LDH reports 2 human cases of West Nile virus in EBR, 1 in Livingston

LDH reports 2 human cases of West Nile virus in EBR, 1 in Livingston
This map shows the locations where West Nile-positive mosquitoes were discovered during the week of July 13th (Source: EBR Mosquito Abatement)
This map shows the locations where West Nile-positive mosquitoes were discovered during the week of July 13th (Source: EBR Mosquito Abatement)

BATON ROUGE, LA (WAFB) - CORRECTION: The Louisiana Department of Health originally reported one of the cases of West Nile Virus was in Tangipahoa Parish. That particular case is actually in Livingston Parish.

The first human cases of the mosquito-borne West Nile virus of 2018 have been reported in Louisiana, according to the Louisiana Department of Health (LDH).

Three cases of West Nile Neuroinvasive Disease, the most serious type of West Nile, have been found in Desoto, St. Tammany, and Livingston parishes.

West Nile Neuroinvasive Disease infects the brain and spinal cord and can lead to death, paralysis, and brain damage.

One case of West Nile Fever and has been reported in East Baton Rouge and Ouachita parishes.

ADDITIONAL VIDEO:

West Nile Fever is a milder viral infection in which people experience flu-like symptoms.

One case of Asymptomatic West Nile has been reported in East Baton Rouge Parish.

According to LDH, the majority of people who contract West Nile will be asymptomatic, meaning they will show no symptoms.

Asymptomatic West Nile is usually detected through blood donations.

If you will be outside, you should wear a mosquito repellent containing DEET. The American Academy of Pediatrics (AAP) recommends that repellents should contain no more than 30 percent DEET when used on children. Insect repellents also are not recommended for children younger than two months. CDC recommends that you always follow the recommendations appearing on the product label when using repellent.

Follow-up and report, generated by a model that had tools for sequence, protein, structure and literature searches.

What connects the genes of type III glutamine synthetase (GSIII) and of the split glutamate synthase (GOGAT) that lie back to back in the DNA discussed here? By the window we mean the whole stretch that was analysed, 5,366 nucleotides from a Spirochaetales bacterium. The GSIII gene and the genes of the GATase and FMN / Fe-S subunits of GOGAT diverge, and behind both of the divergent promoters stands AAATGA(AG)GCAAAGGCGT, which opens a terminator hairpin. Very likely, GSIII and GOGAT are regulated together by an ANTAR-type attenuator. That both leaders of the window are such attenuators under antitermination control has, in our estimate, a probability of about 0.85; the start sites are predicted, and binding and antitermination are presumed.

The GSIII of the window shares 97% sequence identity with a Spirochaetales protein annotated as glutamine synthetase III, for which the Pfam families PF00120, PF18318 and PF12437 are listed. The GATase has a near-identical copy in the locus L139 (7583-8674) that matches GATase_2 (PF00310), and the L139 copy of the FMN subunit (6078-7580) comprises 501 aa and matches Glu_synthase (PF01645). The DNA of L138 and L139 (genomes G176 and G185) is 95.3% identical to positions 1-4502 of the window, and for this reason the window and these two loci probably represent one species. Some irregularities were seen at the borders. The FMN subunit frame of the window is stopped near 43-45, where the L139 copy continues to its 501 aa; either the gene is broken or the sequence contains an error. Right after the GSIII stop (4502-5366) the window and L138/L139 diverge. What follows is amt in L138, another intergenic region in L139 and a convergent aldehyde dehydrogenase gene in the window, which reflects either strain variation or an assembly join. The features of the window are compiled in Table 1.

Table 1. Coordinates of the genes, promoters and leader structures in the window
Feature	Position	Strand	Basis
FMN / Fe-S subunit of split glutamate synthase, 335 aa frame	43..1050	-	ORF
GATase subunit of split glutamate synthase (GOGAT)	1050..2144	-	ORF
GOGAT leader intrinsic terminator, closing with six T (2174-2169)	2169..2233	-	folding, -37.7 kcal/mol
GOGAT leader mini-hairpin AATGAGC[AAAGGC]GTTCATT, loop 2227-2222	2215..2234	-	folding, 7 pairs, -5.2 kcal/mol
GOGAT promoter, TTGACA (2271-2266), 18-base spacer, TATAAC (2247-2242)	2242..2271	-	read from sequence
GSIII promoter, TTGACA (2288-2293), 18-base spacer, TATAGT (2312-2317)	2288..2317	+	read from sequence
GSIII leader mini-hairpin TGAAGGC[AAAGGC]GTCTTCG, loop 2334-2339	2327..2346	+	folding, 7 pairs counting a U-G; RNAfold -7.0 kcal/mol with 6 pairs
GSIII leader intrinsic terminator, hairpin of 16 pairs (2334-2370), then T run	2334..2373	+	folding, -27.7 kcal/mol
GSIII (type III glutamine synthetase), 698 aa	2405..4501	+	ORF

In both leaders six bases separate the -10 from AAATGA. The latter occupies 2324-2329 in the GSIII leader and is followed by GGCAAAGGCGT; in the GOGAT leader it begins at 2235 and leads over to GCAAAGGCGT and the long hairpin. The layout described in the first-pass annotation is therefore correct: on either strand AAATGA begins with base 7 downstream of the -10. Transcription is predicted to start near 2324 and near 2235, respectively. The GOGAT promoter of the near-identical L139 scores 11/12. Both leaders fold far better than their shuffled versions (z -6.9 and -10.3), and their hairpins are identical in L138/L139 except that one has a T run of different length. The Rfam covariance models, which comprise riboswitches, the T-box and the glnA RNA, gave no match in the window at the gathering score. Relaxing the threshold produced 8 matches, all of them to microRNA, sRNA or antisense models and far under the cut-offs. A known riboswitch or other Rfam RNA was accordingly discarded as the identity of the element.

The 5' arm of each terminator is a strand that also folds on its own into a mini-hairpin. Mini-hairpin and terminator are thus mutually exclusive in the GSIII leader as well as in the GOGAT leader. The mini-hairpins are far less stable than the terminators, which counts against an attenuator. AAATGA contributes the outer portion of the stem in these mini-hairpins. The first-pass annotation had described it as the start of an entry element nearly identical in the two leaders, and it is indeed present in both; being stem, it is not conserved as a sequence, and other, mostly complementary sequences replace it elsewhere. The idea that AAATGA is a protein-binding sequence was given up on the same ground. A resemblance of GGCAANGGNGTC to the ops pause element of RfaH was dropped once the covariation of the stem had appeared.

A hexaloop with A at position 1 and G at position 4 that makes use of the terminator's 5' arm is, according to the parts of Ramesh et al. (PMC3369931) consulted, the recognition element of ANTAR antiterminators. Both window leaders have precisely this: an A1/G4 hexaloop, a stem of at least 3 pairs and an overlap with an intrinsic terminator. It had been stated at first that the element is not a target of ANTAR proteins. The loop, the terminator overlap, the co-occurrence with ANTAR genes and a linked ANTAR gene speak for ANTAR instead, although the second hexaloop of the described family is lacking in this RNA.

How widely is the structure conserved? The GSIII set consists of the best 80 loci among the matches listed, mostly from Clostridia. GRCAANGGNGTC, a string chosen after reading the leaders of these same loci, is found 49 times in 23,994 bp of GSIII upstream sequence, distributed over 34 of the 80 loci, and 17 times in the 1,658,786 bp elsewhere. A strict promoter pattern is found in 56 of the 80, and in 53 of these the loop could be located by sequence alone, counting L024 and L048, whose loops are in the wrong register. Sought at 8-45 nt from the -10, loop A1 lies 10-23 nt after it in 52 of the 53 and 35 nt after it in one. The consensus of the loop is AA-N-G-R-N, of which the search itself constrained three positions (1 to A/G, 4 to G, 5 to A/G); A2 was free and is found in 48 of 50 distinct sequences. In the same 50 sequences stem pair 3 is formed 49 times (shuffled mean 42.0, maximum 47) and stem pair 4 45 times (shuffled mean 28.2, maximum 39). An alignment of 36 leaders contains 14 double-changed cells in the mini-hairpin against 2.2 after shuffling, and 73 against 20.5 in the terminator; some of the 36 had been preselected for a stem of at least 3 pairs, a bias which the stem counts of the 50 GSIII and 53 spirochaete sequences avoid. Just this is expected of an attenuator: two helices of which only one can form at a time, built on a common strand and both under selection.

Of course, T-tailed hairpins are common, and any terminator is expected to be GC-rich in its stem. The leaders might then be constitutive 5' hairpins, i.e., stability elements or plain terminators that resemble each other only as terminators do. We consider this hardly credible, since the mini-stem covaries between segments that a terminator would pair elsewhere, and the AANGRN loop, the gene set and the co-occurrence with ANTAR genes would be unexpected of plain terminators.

The LDH urges residents to protect themselves from mosquitoes with the following steps:

  • Apply repellent on exposed skin and clothing. Do not apply under your clothes or on broken skin.
  • to apply repellent to your face, spray on your hands and then rub on your face.
  • Adults should always apply repellent to children.
  • Wear long-sleeved shirts and pants when outdoors for long periods of time.
  • Avoid perfumes and colognes when outdoors for extended periods of time.
  • Make sure that your house had tight-fitting windows and doors, and that all screens are free of holes.

Also, residents should eliminate mosquito breeding grounds around their homes:

  • Reduce the mosquito population by eliminating standing water around your home, which is where mosquitoes breed.
  • Dispose of tin cans, ceramic pots and other unnecessary containers that have accumulated on your property. Turn over wheelbarrows, plastic wading pools, buckets, trash cans, children's toys or anything that could collect water.
  • Drill holes in the bottom of outdoor recycling containers. Drainage holes that are located on the container sides collected enough water for mosquitoes to breed.
  • Check and clean roof gutters routinely. They are often overlooked, but can produce millions of mosquitoes each season.
  • Aerate ornamental pools or stock them with fish. Water gardens can become major mosquito producers if they are allowed to stagnate.
  • Clean and chlorinate swimming pools that are not being used. A swimming pool that is left untended by a family for a month can produce enough mosquitoes to result in neighborhood-wide complaints. Be aware that mosquitoes may even breed in the water that collects on swimming pool covers.

The East Baton Rouge Mosquito Abatement office is ramping up efforts in areas where West Nile-positive mosquitoes are found. On July 13th tests came back positive for mosquitoes trapped in Broadmoor, Sherwood Forest, City Park, the residential area west of Lee Magnet High School and the area near Plank Road at Mohican Street.

Data from the office indicates that about six out of every 1,000 mosquitoes likely carry West Nile. That number is expected to rise as the summer wears on.

Low-flying aircraft spray small amounts of insecticide over targeted ares of the parish twice per week, and technicians regularly treat ditches and storm drain basins, the parish's 180 sewer treatment plants, and homes of residents that request free yard sprays.

Call the Mosquito Abatement office at (225) 356-3297 for more information.

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